The Candle Supplier For Westminster Abbey Is Older Than You Realize

The next time you walk through a festival, church, or even just a farmer's market, take a look at what's often overlooked: light fixtures, power sources, fabrics on tables, and all the bric-a-brac that makes a space feel full. It takes lots of work to make what most people ignore. 

Such is definitely the case for a giant event like Queen Elizabeth II's funeral. Who made the purple cushions on the chairs in Westminster Abbey, for instance? How about the flower arrangements behind the altar, or all the little medals on King Charles III's suit jacket? Someone has to produce all these things according to a business agreement, and other people have to transport them, set them up, and do an absolute ton of behind-the-scenes work for such a monumentally important event as a monarch's world-televised funeral.

So how about a commonplace item as integral to everyday life as it is to sacred events? Enter the humble candle. Long before reed diffusers or scented alcohol sanitizers hit the market, folks were in dire need of a constant supply of burnable light sources. Cathedrals, churches, and chapels must have burned through a lot of them, given that services had masses around the clock. Prominent religious sites like Westminster Abbey are no exception. Thanks to candle-makers Charles Farris, the abbey has gotten a constant flow of "pillar candles" — thicker cylindrical candles — for way longer than you might think: since 1845.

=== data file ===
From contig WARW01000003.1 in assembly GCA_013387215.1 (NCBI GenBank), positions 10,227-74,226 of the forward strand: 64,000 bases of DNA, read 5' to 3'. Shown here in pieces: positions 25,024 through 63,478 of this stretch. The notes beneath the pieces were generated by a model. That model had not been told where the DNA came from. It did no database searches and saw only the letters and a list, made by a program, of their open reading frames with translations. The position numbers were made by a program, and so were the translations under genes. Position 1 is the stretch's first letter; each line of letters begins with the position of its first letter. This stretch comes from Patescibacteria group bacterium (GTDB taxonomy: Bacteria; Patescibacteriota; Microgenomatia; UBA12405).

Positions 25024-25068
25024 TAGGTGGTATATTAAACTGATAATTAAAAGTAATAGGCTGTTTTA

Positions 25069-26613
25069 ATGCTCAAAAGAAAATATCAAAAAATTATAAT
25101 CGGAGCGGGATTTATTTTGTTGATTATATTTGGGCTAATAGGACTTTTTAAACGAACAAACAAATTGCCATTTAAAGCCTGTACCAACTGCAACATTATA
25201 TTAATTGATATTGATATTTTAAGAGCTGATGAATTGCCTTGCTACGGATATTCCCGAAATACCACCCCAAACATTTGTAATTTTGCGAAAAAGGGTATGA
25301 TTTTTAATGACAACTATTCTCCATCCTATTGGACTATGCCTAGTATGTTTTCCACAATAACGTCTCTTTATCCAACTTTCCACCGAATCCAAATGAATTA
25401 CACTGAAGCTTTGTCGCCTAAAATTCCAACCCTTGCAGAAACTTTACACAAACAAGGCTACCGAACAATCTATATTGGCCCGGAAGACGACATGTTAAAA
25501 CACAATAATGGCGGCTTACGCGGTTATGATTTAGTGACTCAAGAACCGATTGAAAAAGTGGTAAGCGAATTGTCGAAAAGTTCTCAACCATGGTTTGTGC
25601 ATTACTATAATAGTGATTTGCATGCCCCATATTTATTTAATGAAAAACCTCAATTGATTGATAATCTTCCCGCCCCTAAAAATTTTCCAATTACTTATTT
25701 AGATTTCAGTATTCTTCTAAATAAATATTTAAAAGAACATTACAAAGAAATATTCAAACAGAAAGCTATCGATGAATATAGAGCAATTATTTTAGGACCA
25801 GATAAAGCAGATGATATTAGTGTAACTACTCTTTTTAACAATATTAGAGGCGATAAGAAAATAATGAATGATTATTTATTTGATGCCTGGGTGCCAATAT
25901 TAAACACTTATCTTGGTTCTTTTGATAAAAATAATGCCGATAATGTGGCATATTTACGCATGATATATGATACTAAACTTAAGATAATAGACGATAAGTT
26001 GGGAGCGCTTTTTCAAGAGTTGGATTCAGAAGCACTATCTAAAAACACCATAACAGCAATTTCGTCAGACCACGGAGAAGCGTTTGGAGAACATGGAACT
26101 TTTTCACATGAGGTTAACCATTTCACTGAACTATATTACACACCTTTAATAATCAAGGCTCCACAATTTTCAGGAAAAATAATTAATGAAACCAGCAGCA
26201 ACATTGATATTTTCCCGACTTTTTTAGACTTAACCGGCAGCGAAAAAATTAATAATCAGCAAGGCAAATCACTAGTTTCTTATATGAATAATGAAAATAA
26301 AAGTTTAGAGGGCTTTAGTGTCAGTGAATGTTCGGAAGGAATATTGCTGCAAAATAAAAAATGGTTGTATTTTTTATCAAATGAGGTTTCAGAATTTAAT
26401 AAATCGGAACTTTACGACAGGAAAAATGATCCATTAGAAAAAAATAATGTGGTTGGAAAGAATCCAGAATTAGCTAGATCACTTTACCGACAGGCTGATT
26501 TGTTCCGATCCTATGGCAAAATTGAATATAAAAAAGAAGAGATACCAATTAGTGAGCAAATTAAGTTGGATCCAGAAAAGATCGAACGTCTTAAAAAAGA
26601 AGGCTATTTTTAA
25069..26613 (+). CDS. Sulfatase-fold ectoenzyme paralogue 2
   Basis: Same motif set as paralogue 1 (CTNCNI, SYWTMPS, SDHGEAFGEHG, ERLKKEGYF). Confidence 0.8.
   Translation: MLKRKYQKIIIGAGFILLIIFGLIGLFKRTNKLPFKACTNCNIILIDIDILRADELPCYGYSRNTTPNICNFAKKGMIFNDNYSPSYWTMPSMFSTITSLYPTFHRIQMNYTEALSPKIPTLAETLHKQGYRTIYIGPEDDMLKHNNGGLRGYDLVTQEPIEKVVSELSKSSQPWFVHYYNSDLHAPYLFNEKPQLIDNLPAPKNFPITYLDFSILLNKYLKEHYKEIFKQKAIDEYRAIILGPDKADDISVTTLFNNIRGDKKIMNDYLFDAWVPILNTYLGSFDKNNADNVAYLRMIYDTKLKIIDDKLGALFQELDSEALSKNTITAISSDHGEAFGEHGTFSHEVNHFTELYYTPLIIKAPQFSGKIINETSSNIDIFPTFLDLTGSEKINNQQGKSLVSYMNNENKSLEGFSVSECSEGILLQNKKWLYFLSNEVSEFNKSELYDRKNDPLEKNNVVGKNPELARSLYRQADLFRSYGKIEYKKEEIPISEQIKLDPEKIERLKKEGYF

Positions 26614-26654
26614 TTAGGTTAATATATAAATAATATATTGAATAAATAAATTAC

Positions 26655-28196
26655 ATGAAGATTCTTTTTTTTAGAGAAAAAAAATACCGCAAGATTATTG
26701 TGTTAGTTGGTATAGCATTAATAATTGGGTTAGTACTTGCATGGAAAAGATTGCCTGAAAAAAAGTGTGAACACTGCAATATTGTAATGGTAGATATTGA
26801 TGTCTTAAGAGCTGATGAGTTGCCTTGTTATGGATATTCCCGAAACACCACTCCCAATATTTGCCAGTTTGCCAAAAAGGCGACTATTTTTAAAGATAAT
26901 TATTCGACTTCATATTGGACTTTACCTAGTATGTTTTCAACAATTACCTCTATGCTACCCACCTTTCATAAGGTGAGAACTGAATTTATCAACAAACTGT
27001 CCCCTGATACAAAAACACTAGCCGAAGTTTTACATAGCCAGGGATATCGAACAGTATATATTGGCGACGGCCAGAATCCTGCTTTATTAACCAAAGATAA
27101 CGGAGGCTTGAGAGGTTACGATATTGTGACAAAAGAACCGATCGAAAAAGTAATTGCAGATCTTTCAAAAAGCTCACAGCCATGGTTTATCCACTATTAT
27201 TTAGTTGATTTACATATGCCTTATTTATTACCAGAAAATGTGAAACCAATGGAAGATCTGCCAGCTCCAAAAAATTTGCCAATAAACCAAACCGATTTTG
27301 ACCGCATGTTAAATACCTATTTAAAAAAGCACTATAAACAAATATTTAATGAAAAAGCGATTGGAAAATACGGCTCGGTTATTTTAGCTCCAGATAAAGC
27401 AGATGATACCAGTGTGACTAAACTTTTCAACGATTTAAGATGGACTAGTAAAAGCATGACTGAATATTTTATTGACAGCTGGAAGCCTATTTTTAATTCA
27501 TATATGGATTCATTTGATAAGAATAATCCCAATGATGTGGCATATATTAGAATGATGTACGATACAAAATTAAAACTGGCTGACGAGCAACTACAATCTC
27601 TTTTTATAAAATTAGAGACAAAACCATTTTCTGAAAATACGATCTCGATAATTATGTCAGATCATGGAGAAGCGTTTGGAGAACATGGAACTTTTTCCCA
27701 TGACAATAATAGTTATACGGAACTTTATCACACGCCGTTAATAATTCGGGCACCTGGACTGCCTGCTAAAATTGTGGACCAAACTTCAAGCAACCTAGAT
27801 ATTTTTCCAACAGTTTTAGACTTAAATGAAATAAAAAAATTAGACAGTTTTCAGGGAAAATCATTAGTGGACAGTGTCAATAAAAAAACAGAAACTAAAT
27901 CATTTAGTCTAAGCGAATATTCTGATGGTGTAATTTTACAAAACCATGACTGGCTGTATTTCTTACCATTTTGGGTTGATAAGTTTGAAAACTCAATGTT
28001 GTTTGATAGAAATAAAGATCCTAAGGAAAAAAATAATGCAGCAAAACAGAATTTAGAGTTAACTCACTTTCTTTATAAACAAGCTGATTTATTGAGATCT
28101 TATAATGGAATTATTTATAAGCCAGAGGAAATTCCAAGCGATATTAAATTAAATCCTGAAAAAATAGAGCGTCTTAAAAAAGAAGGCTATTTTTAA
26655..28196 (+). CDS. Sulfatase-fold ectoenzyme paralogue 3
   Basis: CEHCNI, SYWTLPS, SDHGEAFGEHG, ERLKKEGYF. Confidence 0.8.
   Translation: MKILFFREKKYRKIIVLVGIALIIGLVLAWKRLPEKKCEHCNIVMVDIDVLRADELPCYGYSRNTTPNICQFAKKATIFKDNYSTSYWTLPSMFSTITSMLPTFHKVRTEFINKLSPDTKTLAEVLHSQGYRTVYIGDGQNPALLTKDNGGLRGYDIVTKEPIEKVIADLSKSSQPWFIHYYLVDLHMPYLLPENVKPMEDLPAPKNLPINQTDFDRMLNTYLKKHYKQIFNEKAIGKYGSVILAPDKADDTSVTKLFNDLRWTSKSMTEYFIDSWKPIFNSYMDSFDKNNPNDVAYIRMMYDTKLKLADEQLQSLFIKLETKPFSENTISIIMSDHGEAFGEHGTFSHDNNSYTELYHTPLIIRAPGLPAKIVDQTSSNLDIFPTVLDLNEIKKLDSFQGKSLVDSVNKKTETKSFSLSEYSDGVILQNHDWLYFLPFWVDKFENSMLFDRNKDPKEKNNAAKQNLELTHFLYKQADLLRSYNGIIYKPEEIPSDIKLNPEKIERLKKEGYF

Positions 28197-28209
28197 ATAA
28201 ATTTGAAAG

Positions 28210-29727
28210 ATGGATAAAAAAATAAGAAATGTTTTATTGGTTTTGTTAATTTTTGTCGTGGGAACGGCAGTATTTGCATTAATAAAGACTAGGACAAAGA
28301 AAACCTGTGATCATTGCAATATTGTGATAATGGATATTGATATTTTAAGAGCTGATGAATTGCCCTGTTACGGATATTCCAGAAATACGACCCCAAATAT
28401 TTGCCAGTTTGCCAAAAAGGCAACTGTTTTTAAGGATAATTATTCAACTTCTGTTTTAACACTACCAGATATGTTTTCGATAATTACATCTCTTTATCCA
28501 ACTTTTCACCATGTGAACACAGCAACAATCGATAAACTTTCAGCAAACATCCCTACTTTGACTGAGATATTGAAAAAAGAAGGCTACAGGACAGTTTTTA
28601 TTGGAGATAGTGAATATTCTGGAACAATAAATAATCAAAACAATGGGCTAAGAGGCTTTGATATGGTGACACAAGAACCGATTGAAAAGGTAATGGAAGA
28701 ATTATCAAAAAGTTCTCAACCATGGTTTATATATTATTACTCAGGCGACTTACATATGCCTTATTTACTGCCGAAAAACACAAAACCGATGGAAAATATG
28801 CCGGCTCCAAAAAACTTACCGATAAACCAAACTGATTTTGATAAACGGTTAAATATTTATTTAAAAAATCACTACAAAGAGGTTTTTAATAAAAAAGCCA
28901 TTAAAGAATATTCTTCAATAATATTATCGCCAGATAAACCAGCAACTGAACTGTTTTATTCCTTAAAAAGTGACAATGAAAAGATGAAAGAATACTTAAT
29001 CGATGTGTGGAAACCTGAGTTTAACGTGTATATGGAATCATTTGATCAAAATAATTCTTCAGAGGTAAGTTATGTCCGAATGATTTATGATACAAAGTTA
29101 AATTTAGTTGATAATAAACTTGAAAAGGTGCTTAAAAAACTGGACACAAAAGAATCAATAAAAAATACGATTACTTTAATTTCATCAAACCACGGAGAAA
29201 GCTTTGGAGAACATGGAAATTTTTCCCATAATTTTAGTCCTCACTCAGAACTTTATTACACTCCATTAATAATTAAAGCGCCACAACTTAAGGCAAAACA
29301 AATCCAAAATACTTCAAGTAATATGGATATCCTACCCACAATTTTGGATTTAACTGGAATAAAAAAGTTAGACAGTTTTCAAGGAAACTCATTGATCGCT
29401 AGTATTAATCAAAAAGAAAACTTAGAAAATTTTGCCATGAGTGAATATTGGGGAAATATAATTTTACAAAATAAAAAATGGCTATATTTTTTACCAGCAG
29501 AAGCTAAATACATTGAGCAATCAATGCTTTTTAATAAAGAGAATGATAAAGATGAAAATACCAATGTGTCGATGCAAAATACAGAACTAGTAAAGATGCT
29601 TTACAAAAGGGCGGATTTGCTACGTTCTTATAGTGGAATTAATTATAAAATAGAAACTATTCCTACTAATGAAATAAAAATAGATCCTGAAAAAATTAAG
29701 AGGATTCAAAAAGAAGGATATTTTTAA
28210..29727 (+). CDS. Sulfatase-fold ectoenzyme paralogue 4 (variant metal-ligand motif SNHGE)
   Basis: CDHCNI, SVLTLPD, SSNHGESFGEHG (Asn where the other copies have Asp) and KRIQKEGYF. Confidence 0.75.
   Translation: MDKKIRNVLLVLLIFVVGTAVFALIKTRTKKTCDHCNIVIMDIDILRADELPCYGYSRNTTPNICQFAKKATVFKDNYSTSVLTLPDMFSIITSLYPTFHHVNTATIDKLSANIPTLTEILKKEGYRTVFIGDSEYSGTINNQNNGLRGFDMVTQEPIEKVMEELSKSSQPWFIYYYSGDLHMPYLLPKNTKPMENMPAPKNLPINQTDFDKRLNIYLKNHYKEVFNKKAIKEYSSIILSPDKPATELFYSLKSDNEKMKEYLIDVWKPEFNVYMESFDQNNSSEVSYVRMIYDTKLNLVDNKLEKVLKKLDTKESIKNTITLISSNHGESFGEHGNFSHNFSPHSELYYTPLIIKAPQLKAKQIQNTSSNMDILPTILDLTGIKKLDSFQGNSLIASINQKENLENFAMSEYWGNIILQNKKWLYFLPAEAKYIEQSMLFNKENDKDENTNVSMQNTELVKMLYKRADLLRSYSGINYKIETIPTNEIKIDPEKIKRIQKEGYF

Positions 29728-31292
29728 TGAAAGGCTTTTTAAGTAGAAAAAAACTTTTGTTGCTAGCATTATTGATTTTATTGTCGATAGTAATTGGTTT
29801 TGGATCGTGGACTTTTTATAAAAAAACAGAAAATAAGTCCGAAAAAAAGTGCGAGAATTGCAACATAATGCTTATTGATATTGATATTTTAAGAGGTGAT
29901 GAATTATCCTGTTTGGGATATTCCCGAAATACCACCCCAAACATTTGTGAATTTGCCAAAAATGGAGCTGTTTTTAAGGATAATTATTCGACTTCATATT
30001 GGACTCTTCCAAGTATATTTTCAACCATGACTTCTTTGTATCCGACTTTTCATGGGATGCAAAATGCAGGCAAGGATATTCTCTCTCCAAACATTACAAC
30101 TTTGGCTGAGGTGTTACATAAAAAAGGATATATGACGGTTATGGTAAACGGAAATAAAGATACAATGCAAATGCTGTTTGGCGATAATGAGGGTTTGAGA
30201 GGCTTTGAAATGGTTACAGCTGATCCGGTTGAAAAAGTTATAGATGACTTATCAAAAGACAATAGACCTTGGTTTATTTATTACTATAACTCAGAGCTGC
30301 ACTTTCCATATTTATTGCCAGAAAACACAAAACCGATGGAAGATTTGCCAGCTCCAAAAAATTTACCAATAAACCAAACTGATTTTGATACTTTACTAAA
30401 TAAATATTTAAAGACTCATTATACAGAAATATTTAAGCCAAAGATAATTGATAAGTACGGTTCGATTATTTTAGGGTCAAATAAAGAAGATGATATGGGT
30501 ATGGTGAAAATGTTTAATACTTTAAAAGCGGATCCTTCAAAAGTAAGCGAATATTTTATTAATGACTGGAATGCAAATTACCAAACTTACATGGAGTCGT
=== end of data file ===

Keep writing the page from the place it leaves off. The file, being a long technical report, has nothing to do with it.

Burning wicks since 1845

As the Charles Farris website says, the candle-making company was founded in 1845, the same year it began supplying royal sites like Westminster Abbey. Charles Farris now has a Royal Warrant, which, as the royal family website explains, is basically a mark of recognition given to businesses that have been long-time suppliers to the crown. There are currently 800 such Royal Warrant holders in every industry across the world. There's even a Royal Warrant Holders Association that focuses on the promotion and support of its members.

As the Charles Farris site states, the royally-preferred candles are produced according to traditional methods rooted in the Victorian era. As detailed by Sotre Collection, the goal is to produce candles that are "slow-burning, long-lasting, and of the highest quality." The Charles Farris brand focuses on sustainability and reducing its environmental impact and gets its wax and cotton (for wicks) from natural, sustainable sources. Its packaging is completely recyclable. All in all, it sounds exactly like the kind of respectable business operation well-suited to supplying venerable institutions like Westminster Abbey. 

Charles Farris, as a separate company website shows, also happens to specialize in tons of other church goods. We're talking not only other smellables like incense and charcoal but vestments for priests and items used in Holy Communion, down to gluten-free hosts. They also produce loads of other seasonal goods that we're sure religious institutions like Westminster or St. Paul's Cathedral use.